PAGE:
Page last updated at 09:27 UTC, Tuesday, 05 February 2013 PH
Those who expect the number of illegal abortions in the Philippines to decrease if contraceptives are disseminated more freely among the masses may be in for a surprise. One only has to consider how freely contraceptives are available in the United States, especially after the sexual revolution of the 1960s. Why is it that there are more than a million abortions yearly in that country? The same thing can be said of many European countries where condoms, pills and other artificial contraceptives have been accessible to the mass consumers for decades. There are still hundreds of thousands of abortions in these countries. Although conflicting evidences are presented by social scientists in the West, there is enough reason to seriously question the heroic assumption that providing free contraceptives to the poor would reduce the number of illegal abortions which are estimated to be about half a million annually in the Philippines.
In the first place, one cannot assume that these illegal abortions are predominantly among poor people. There is enough anecdotical information that many of these illegal abortions result from sexual encounters among teenagers coming from the middle class or well-to-do families who could have easily afforded condoms or pills but were moved by the passion of the moment to take the risk of pregnancy. It is also possible that the pregnancies could have resulted from casual encounters among sexually permissive individuals or those in the sex trade who become careless in some instances. There are, of course, pregnancies that result from nonconsensual sex, which by definition would not involve the use of contraceptives. If the majority of unwanted pregnancies result from these causes, there is a great probability that distributing free contraceptives to poor, married couples would not reduce the number of illegal abortions. Social and religious values are still deeply rooted among poor married women who find killing babies in their wombs naturally repulsive. It is unfair to blame illegal abortions on them.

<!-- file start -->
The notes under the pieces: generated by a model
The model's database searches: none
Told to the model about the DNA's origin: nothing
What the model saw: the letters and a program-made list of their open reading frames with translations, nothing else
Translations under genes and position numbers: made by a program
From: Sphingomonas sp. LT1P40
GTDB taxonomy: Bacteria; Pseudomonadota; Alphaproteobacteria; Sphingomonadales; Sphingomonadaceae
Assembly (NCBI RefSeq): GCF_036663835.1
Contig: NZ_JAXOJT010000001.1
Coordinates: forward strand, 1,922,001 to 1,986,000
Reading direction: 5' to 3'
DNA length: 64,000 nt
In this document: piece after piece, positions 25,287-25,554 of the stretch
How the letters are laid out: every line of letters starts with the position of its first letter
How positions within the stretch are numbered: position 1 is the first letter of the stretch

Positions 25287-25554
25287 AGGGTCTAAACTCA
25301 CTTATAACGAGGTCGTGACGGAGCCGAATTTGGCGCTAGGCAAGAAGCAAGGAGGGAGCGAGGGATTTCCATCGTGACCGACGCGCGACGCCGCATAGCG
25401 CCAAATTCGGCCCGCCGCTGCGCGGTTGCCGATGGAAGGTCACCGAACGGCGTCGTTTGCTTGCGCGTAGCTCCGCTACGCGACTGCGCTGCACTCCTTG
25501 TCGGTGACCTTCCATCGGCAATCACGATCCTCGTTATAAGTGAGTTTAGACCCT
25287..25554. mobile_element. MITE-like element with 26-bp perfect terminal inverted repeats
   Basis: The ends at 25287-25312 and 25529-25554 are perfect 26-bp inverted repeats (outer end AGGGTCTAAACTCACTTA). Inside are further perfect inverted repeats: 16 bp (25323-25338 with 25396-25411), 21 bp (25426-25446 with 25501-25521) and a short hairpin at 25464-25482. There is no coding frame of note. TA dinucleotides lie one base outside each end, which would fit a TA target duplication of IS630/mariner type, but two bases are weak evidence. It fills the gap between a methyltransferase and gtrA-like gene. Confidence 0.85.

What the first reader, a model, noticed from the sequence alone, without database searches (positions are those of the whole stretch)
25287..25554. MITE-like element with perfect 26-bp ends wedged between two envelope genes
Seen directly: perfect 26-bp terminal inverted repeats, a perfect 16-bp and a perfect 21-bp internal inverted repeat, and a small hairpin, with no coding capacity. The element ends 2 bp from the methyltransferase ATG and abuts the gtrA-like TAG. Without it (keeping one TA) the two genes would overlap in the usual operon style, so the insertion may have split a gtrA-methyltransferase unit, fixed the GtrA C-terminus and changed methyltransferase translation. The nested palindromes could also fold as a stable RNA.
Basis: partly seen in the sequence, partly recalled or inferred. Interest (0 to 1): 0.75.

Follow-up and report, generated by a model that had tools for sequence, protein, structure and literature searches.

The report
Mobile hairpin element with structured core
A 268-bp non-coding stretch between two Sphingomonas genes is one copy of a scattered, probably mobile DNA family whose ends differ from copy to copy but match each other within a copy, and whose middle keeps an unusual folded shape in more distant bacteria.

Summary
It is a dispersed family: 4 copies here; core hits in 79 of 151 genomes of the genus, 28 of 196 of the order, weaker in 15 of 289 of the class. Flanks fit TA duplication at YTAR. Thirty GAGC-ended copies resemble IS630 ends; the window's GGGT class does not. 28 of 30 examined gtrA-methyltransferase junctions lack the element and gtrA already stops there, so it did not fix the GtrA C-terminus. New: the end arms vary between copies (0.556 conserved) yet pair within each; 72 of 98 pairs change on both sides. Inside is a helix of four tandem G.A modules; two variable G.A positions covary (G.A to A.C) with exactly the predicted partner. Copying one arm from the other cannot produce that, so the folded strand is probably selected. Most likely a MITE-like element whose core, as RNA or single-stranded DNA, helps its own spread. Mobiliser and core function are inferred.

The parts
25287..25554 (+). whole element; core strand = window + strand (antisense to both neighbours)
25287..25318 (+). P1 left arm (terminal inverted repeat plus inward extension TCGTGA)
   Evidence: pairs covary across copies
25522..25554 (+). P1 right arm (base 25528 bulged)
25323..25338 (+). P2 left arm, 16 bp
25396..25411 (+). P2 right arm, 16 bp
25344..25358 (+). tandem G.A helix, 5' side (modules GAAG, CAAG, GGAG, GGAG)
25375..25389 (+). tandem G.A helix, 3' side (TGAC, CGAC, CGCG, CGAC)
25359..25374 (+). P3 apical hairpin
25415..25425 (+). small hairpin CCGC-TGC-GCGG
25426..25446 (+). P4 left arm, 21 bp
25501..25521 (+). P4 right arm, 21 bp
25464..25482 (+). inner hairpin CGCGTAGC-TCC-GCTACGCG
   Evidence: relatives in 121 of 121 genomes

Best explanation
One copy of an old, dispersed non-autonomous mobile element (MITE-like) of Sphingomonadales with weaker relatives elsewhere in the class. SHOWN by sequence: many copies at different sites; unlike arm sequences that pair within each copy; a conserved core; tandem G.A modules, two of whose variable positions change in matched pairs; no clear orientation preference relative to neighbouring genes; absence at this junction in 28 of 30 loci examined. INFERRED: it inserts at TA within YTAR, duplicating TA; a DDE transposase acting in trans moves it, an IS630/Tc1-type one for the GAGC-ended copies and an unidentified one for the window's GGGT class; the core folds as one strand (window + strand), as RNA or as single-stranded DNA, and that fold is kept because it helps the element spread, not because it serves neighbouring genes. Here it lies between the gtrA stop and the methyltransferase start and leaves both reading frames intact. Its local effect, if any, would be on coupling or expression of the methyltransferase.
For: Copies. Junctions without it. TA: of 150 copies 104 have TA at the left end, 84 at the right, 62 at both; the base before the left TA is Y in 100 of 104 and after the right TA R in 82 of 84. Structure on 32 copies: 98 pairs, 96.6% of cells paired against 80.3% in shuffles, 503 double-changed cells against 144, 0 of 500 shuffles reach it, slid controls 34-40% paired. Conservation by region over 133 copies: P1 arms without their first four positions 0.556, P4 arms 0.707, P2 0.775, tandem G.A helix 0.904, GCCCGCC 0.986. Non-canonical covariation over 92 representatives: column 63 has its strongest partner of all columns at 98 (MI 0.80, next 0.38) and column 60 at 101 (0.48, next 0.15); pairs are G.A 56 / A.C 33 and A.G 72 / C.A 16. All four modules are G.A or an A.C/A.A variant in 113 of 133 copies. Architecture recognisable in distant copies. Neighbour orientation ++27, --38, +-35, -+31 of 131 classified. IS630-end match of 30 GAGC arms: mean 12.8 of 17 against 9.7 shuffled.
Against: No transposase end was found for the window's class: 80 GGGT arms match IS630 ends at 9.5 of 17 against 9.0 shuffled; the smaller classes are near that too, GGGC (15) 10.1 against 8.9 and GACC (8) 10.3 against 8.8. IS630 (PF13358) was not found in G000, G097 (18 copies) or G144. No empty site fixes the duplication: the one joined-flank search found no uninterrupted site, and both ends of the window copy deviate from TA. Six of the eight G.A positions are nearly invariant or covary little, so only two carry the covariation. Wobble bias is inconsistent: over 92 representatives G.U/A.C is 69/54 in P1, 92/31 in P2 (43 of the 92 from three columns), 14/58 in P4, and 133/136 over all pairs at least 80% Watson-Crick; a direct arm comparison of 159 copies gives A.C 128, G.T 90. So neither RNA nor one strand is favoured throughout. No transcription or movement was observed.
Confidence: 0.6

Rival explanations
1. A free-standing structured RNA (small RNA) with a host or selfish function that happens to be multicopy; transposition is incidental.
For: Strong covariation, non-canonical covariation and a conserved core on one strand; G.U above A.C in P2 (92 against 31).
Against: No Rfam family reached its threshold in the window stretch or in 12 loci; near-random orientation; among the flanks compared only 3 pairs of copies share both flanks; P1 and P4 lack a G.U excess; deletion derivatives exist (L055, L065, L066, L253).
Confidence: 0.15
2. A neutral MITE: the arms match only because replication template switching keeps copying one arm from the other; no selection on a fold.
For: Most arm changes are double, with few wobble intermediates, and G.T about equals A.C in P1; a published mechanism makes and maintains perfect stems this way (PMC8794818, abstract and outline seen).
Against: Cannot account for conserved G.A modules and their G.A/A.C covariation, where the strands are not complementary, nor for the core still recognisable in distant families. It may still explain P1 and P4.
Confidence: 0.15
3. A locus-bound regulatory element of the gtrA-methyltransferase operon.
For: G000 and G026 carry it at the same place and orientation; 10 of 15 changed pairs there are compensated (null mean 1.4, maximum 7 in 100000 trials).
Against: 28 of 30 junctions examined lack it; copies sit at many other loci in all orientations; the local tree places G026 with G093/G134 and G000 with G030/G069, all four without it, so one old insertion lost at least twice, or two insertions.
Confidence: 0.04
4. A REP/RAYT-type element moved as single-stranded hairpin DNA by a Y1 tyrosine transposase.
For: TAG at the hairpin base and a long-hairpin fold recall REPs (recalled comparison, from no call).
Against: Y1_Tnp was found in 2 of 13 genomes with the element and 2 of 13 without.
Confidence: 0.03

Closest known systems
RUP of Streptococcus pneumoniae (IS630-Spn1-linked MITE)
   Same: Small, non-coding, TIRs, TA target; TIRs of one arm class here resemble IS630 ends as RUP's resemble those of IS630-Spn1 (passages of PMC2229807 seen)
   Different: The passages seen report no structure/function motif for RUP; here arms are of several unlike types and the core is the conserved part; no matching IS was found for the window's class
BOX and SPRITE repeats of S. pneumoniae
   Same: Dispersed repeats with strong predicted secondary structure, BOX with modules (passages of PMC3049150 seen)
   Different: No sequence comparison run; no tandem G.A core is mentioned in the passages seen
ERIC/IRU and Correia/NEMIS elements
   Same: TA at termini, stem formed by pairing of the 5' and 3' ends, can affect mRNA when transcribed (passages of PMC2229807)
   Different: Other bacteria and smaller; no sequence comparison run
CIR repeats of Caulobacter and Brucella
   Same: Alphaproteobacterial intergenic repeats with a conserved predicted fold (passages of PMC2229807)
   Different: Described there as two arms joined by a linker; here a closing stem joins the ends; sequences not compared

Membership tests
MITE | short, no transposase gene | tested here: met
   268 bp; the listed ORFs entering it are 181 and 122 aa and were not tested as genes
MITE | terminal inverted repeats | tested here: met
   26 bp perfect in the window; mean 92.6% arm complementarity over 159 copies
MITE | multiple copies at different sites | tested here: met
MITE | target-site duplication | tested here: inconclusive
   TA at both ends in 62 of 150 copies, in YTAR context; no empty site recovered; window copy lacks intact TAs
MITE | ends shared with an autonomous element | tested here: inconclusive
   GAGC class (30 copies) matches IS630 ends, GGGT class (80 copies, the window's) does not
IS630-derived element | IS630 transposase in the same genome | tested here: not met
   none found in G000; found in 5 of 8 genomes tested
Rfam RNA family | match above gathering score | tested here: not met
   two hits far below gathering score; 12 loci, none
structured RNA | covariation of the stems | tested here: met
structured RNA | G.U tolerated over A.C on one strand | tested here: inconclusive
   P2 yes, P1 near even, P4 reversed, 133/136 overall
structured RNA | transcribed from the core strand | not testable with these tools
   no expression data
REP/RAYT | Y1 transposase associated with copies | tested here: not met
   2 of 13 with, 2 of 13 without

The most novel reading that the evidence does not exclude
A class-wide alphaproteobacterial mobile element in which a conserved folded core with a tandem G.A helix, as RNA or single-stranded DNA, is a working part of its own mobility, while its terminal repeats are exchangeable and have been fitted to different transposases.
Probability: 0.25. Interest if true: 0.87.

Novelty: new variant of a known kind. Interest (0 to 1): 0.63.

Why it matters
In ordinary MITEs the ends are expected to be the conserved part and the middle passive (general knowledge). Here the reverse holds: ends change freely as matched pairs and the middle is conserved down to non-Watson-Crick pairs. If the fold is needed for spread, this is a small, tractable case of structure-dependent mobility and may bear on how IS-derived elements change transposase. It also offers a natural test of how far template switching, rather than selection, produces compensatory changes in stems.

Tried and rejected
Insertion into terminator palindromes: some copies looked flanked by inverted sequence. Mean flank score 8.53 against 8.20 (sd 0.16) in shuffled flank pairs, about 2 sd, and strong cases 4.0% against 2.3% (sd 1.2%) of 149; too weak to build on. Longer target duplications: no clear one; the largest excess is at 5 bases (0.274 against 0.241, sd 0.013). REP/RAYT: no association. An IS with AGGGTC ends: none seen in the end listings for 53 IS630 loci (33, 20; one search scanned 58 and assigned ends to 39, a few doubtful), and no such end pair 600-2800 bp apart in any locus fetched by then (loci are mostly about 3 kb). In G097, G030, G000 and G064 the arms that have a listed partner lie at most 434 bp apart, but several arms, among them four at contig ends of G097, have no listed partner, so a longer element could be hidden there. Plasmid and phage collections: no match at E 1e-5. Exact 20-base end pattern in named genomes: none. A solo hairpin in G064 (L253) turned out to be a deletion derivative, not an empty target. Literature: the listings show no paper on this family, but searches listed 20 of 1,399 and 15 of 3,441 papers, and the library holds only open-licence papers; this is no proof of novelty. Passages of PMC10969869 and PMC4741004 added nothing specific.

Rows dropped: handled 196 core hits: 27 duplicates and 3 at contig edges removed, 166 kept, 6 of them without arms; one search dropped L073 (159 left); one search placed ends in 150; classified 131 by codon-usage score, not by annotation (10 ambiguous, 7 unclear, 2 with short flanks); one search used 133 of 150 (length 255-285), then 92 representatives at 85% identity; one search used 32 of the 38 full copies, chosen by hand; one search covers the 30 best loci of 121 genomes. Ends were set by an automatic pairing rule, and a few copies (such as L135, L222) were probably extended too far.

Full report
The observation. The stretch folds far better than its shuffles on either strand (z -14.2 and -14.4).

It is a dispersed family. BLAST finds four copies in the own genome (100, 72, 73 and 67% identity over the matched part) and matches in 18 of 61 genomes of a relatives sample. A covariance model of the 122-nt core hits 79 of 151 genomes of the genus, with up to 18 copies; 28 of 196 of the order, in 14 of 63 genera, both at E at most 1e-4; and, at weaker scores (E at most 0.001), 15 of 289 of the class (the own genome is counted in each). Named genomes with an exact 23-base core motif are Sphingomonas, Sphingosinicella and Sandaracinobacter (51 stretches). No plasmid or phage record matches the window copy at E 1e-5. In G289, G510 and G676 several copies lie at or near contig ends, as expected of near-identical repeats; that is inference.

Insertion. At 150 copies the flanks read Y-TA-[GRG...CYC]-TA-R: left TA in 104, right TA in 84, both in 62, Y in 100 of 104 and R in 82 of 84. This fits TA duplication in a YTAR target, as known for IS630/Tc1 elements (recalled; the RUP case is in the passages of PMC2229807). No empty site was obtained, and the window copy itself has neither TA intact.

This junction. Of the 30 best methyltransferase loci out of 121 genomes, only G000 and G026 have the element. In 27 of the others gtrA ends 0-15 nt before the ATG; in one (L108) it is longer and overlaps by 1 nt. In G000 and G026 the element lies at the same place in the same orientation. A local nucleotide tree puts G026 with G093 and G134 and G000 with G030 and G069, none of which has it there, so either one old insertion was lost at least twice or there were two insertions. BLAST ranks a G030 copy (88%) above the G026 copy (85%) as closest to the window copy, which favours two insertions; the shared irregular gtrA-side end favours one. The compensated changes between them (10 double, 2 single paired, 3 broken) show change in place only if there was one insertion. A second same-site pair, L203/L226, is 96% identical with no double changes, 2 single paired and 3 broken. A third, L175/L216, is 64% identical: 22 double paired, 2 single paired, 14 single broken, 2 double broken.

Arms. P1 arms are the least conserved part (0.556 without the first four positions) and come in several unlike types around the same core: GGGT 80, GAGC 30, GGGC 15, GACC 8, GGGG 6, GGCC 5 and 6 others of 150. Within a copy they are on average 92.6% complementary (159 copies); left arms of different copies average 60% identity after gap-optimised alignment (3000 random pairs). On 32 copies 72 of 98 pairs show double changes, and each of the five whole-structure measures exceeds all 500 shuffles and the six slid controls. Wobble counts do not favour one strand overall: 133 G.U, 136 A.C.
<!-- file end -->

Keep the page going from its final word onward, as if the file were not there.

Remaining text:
Empirical evidences abound in the countries where contraceptives are widely distributed that an aggressive push for contraception has always preceded the increase in abortion. In his book, Donald DeMarco (1999) cited figures from studies conducted in Europe that showed how among couples who had the habit of contracepting (England); or right after contraception was fully legalized (Sweden); or where contraception "was almost unrestricted" (Switzerland), abortions were much higher. These studies present compelling evidence that "increased contraception does not reduce the incidence of abortion..but instead tends to establish a contraceptive mentality, which, in turn leads to more abortion." Rhonheimer and Murphy (2010) further argue that a more serious consequence of the contraceptive mentality that arises from the use of contraception is how abortion "intentionally, can become..just one more means of contraception." This happens when one who is in favor of abortion out of a contraceptive mentality would not be in the least be disposed to discuss whether an embryo or a fetus is a human being; he would simply dispute this--despite all evidence to the contrary--or would consider it irrelevant and ignore the issue.